Note here that, in sum, what LTG Flynn appears to tell us is that -- given our job to overthrow and replace the current political, economic and social models of various countries throughout the world -- we have focused our intelligence gathering on the wrong group, to wit:

a. On the "insurgents," (Actually, on the "counterinsurgents," to wit: those seeking to PREVENT such radical political, economic and social changes as the U.S./the West seeks to bring about). This, rather than focusing our intelligence gathering on our greater enemy, to wit:

b. On the people, the traditions, the ideas, the forces, the cultures and the other dynamics which make these states and their societies so resistant to "transformation" more along modern western political, economic and social lines.

Conclusion:

If one's job is to transform other states and societies more along one's own -- often alien and profane -- political, economic and social lines (the job of the U.S./the West in the New/Reverse Cold War of today; the job of the Soviets/the communists in the Old Cold War of yesterday),

Then one, logically, cannot (a) see only those few individuals actively seeking to PREVENT such unwanted transitions/transformations (the counter-insurgents) as one's enemy and, accordingly, (b) focus one's intelligence gathering activities on these groups alone.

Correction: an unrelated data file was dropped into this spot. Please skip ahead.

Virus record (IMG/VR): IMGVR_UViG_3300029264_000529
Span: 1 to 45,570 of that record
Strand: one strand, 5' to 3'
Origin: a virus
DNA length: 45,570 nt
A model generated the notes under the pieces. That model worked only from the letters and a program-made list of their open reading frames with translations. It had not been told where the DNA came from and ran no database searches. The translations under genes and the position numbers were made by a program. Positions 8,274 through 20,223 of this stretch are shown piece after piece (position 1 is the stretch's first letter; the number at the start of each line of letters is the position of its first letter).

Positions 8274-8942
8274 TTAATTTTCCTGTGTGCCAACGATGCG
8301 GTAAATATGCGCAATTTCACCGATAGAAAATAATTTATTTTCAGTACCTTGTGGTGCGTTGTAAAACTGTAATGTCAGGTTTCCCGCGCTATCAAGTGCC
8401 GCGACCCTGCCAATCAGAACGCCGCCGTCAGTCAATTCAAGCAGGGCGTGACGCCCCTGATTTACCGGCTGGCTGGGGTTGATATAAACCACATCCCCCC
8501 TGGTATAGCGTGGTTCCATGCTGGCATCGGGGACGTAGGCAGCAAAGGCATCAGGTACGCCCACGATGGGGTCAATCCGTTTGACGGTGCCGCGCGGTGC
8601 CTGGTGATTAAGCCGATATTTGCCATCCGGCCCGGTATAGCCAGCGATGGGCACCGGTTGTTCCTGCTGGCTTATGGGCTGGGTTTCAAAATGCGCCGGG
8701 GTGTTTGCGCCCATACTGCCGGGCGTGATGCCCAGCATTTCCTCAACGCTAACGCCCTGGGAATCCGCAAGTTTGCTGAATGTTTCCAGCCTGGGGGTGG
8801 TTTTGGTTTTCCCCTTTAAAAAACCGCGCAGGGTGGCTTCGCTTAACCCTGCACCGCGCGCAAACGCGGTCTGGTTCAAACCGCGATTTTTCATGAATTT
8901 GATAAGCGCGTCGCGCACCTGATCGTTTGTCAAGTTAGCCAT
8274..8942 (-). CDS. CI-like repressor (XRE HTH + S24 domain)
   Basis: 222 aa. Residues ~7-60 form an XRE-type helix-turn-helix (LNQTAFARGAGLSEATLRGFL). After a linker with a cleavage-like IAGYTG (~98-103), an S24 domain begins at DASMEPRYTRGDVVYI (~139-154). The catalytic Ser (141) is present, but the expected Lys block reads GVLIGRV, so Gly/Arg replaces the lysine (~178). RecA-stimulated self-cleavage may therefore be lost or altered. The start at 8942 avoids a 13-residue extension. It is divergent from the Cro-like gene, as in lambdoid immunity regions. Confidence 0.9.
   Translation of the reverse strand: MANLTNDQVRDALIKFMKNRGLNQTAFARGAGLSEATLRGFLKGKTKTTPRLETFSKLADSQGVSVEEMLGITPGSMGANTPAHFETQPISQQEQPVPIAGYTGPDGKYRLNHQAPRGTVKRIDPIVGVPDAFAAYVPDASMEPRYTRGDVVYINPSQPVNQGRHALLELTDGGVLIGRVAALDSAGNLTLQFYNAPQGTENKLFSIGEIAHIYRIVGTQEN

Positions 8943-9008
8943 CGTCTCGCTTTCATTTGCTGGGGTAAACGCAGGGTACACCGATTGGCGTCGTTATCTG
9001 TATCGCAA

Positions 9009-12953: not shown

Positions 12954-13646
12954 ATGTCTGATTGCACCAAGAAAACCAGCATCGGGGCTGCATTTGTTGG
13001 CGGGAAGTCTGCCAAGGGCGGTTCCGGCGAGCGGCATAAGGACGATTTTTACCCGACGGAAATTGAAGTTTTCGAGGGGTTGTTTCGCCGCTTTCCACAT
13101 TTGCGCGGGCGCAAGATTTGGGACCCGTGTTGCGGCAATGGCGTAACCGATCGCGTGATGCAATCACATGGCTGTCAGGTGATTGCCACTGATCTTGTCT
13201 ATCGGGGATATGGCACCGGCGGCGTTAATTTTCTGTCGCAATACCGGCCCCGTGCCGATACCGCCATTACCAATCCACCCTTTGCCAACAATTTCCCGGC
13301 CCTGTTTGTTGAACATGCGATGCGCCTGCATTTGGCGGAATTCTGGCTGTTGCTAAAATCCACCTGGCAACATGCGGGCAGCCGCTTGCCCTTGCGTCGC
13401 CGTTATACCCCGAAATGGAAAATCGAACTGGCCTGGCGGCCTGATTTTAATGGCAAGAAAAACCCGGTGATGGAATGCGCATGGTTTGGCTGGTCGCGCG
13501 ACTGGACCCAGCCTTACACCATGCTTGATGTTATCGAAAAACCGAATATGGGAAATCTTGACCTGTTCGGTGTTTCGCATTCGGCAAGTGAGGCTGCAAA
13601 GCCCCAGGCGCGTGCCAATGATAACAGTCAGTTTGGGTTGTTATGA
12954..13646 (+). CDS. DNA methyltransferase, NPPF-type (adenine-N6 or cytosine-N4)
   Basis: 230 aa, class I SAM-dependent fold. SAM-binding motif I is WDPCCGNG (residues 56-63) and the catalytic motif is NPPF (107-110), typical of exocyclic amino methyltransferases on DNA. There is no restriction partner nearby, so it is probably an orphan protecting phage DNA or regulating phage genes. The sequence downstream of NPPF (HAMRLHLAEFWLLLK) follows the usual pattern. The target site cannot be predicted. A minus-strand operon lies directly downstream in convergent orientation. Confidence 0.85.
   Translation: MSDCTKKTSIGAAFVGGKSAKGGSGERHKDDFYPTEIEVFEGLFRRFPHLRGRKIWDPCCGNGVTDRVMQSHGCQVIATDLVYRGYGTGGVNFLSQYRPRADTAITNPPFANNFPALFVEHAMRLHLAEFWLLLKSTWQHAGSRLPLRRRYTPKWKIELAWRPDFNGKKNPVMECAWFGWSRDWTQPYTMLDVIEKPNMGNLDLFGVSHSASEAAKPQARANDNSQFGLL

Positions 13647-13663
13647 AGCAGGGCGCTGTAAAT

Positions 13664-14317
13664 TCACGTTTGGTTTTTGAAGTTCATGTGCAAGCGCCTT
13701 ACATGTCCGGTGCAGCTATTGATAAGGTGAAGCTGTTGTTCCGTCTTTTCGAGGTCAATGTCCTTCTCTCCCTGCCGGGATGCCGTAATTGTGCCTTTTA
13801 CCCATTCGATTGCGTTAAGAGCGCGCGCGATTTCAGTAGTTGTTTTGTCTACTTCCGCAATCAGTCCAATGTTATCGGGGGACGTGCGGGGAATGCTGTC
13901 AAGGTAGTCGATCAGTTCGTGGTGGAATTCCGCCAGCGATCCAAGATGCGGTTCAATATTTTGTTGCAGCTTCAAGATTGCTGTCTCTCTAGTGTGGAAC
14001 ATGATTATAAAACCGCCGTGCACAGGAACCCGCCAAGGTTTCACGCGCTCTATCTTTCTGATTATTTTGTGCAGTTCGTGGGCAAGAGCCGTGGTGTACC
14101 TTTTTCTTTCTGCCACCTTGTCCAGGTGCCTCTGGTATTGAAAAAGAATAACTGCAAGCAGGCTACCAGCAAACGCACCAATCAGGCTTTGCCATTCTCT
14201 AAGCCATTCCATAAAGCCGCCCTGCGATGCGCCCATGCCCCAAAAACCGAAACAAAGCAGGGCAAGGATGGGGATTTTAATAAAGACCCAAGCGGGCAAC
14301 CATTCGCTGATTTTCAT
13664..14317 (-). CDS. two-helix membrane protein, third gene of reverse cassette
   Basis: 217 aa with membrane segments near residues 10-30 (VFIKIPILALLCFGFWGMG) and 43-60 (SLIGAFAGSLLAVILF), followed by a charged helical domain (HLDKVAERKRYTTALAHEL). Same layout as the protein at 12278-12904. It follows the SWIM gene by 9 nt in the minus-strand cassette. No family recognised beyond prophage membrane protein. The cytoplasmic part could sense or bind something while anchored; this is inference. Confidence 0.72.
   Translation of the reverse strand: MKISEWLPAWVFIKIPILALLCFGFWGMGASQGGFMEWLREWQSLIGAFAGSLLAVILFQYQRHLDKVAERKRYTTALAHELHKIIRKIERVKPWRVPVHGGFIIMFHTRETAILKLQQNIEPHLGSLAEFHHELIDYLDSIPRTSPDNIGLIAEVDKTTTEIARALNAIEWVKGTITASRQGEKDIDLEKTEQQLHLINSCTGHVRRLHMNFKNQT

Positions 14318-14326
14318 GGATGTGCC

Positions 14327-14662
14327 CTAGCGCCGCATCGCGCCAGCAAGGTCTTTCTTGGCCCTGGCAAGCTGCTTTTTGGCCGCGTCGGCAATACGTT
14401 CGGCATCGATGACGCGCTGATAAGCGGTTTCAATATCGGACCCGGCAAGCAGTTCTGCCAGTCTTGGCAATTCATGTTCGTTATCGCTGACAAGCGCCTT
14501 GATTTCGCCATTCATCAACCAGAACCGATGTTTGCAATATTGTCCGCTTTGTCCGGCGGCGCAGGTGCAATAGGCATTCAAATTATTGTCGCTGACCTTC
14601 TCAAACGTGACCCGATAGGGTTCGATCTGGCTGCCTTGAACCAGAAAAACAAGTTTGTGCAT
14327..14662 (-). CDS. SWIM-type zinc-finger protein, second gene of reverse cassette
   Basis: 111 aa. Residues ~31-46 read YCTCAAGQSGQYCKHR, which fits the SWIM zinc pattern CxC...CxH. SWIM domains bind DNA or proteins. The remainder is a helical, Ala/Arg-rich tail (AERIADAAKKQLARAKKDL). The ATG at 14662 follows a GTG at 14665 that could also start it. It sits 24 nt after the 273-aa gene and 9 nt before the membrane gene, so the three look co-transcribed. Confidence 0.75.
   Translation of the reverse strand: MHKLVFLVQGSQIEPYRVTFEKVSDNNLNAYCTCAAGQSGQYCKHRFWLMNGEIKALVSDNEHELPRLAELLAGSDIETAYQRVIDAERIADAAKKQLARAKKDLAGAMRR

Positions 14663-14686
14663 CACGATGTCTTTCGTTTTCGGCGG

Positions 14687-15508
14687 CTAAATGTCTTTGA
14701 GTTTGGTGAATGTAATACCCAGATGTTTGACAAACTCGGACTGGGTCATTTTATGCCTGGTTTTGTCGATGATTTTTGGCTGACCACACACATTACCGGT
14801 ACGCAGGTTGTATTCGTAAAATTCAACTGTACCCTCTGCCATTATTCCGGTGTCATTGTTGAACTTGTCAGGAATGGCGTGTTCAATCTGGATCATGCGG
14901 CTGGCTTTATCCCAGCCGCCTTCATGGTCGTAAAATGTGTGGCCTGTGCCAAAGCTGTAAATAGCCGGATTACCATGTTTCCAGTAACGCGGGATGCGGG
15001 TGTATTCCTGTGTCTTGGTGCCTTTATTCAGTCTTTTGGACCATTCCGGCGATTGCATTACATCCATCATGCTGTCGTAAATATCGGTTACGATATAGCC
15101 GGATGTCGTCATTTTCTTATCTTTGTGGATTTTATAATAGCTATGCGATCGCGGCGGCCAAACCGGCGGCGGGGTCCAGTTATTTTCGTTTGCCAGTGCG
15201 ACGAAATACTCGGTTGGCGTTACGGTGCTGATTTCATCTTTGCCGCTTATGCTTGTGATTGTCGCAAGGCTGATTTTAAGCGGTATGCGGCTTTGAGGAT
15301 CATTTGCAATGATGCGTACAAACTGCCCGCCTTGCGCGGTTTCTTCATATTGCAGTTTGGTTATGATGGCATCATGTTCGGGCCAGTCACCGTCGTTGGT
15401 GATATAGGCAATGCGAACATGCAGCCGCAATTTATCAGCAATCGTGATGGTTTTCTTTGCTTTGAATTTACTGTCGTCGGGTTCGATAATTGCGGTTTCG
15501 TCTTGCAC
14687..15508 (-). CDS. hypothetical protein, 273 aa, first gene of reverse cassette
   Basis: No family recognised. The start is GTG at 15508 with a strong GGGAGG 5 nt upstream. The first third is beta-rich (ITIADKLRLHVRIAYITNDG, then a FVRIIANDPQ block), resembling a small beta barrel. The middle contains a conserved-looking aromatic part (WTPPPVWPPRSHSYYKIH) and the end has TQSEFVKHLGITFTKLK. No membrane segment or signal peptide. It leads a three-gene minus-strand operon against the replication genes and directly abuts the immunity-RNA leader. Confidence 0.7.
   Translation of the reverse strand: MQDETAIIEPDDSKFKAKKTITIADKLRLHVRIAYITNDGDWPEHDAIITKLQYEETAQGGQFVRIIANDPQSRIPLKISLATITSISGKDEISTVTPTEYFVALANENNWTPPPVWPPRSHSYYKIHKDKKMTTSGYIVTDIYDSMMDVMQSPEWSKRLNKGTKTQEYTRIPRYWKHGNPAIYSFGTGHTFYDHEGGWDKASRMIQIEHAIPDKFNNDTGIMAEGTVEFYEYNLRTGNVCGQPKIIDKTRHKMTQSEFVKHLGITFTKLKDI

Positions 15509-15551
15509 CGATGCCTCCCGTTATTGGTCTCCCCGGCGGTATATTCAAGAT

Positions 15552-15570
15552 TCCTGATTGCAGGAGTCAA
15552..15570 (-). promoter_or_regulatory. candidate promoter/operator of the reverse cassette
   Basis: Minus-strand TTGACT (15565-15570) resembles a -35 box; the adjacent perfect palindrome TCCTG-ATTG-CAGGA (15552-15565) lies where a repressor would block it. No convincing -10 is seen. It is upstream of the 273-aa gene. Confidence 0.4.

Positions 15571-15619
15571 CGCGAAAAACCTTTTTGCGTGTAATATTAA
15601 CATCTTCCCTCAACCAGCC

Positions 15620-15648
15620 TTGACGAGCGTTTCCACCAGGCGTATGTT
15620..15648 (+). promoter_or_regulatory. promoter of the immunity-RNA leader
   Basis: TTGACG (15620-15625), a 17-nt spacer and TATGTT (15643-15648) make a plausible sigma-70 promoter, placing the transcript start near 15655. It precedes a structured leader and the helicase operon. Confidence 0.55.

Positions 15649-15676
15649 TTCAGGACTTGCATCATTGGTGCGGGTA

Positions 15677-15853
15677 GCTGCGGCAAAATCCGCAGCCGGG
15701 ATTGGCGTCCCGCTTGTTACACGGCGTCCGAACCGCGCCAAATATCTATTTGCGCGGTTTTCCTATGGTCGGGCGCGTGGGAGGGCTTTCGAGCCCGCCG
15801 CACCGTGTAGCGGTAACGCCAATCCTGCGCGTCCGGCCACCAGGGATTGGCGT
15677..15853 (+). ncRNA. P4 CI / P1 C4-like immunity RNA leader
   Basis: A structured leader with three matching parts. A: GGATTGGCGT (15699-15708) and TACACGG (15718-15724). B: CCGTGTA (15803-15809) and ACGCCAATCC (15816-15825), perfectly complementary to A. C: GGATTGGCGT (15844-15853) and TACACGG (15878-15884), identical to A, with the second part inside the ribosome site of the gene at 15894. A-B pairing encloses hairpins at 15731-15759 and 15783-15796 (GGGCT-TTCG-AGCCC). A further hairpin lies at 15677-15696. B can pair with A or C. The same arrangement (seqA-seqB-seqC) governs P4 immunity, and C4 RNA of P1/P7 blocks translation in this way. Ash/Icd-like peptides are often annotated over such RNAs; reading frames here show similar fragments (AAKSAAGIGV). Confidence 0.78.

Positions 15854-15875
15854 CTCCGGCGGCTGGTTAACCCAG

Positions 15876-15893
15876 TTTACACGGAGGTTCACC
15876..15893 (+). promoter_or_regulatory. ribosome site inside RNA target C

Rather, one must understand -- in these "Cold War"/"state and societal transformation" contests/contexts -- that the true "enemy" of the "expansionist" great nations (the U.S./the West today; the Soviets/the communists back then) are those cultural and other factors which (a) currently hold these outlying states and their societies together so well and that, accordingly, (b) make them so non-malleable/so resistant to one's "transformational" approaches and activities.

It is this specific regard, I suggest, that we consider LTG Flynn's emphasis -- re: intellegence gathering -- on understanding such dynamics as those relating to local "economics," "landowners," "power brokers," "coopera­tion among villagers," etc.?

To wit: Those things -- and others -- which will give us a better insight into what challenges we are actually going to face re: our "transformational" goals for these other states and societies of the world?

Bottom Line:

Re: our transformational goals for other states and societies of the world, if our version of "universal values," etc., had, in fact, proven to be true post-the Old Cold War, then "intelligence gathering" maybe could have been limited to that relating to "the insurgents" (to wit: the few remaining "dead-enders") alone.

Given, however, that our version of "universal values," etc., has, in fact, proven to be so glaringly false, "intelligence gathering" will (1) need to accept this reality and (2) adapt accordingly.